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Encore: Scientists look to people with Down syndrome to test Alzheimer's drugs


Alzheimer's disease poses a major threat to people with Down syndrome. Many develop the disease in their 40s and 50s, and most will get it if they live long enough. People with Down syndrome may help researchers find treatments for Alzheimer's, as NPR's Jon Hamilton reports.

JON HAMILTON, BYLINE: Frank Stephens is an actor, a writer and an advocate for people with Down syndrome.

FRANK STEPHENS: I am a man with a very good life. I have a beautiful girlfriend.

HAMILTON: Stephens, who is 40, also has a major concern. His mother is in the late stages of Alzheimer's.

STEPHENS: She is now - almost childlike now. It's very hard to see.

HAMILTON: And as a person with Down syndrome, Stephens is aware that he is likely to develop Alzheimer's himself. So he raises money for Alzheimer's research through the Global Down Syndrome Foundation, and he's part of a research effort called the Human Trisome Project.

STEPHENS: I did take a blood test. I took it to see whether or not I may end up with Alzheimer's.

HAMILTON: Stephens' goal is to help scientists find a drug that can defeat Alzheimer's.

STEPHENS: That would be amazing. And I hope that not only people with Down syndrome can take it, but also people without Down syndrome can take it, too. And I'm hoping I can do that for my mother.

HAMILTON: People with Down syndrome carry an extra copy of chromosome 21. That causes intellectual disability. It also changes the brain in at least two ways that can lead to Alzheimer's.

JOAQUIN ESPINOSA: People with Down syndrome give us a unique opportunity to understand what modulates the severity and the progress of Alzheimer's disease.

HAMILTON: Joaquin Espinosa directs the Linda Crnic Institute for Down Syndrome in Aurora, Colo. He says people with the condition have a hyperactive immune system that protects them from some cancers but also leads to chronic inflammation.

ESPINOSA: And of importance to Alzheimer's, they have brain inflammation across the lifespan.

HAMILTON: There's growing evidence that brain inflammation plays an important role in Alzheimer's. So Espinosa and a team of researchers are looking for ways to keep the brain's immune system in check.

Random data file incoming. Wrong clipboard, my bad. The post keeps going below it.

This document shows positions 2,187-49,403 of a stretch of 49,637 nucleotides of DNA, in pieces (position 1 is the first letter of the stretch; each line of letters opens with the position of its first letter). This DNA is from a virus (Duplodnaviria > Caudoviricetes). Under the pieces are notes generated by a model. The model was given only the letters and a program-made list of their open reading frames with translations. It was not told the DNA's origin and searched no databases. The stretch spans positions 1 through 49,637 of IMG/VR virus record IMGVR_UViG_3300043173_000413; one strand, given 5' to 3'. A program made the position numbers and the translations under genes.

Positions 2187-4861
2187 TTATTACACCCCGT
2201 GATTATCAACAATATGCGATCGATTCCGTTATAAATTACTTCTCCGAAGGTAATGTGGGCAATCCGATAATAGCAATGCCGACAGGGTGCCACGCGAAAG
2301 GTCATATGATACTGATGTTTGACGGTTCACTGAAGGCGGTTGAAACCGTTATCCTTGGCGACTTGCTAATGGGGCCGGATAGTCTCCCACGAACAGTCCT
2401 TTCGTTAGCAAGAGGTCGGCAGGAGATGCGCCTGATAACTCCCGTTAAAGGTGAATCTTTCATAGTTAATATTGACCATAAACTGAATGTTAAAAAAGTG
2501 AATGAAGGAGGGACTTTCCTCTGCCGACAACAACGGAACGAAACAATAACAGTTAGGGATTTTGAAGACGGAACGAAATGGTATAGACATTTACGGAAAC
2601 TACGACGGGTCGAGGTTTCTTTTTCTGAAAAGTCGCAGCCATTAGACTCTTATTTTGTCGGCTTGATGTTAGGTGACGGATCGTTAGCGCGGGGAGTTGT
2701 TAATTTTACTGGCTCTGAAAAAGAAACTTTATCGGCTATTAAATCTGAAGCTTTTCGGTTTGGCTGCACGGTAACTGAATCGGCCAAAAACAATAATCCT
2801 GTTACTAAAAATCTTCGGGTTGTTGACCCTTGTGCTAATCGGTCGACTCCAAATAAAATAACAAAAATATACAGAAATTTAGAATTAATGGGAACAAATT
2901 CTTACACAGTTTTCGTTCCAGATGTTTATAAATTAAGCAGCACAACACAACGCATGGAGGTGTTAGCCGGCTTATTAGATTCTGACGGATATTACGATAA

ESPINOSA: We are running clinical trials for immune modulating agents in Down syndrome. So there is an active trial right now to turn down that response with a class of drugs known as JAK inhibitors.

HAMILTON: That's J-A-K. JAK inhibitors are used to reduce inflammation in the joints of people with rheumatoid arthritis. Espinosa hopes these drugs can do the same thing in the brain and cut the risk of Alzheimer's. So he's trying the approach in people with Down syndrome.

Another team at the Crnic Institute is taking a different approach to modulating the immune system. Dr. Huntington Potter says the idea is to boost a special immune cell found in the brain.

HUNTINGTON POTTER: And its job is to eat up things that aren't supposed to be there, like amyloid.

HAMILTON: Amyloid is the sticky substance that builds up in the brains of people with Alzheimer's. And that's the second reason people with Down syndrome are vulnerable to the disease. The extra chromosome they carry causes the brain to produce extra amyloid. Potter hopes to counter this with a drug called leukine, which increases the immune cells that eat amyloid. Last year, he did a small study to establish that leukine could safely be given to people with Alzheimer's.

POTTER: We did not expect to see a cognitive benefit. But three weeks of treatment of leukine, and the individuals actually improved in their cognition.

HAMILTON: Those people didn't have Down syndrome. But Potter says in March, his team showed that leukine also worked in mice that did have Down syndrome.

POTTER: That then allowed us to apply for a grant to study leukine in young adults with Down syndrome before they get Alzheimer's disease.

HAMILTON: They got the grant. Now they're preparing to recruit young adults with Down syndrome. Lina Patel, a psychologist at the Crnic Institute, is confident that people will enroll in the study.

LINA PATEL: The self-advocates that we work with really are proponents because I think that they do see that it is directly impacting their lives.

HAMILTON: And the lives of others. The scientists expect to know whether leukine works in the next five years or so.

Jon Hamilton, NPR News. Transcript provided by NPR, Copyright NPR.

John Hamilton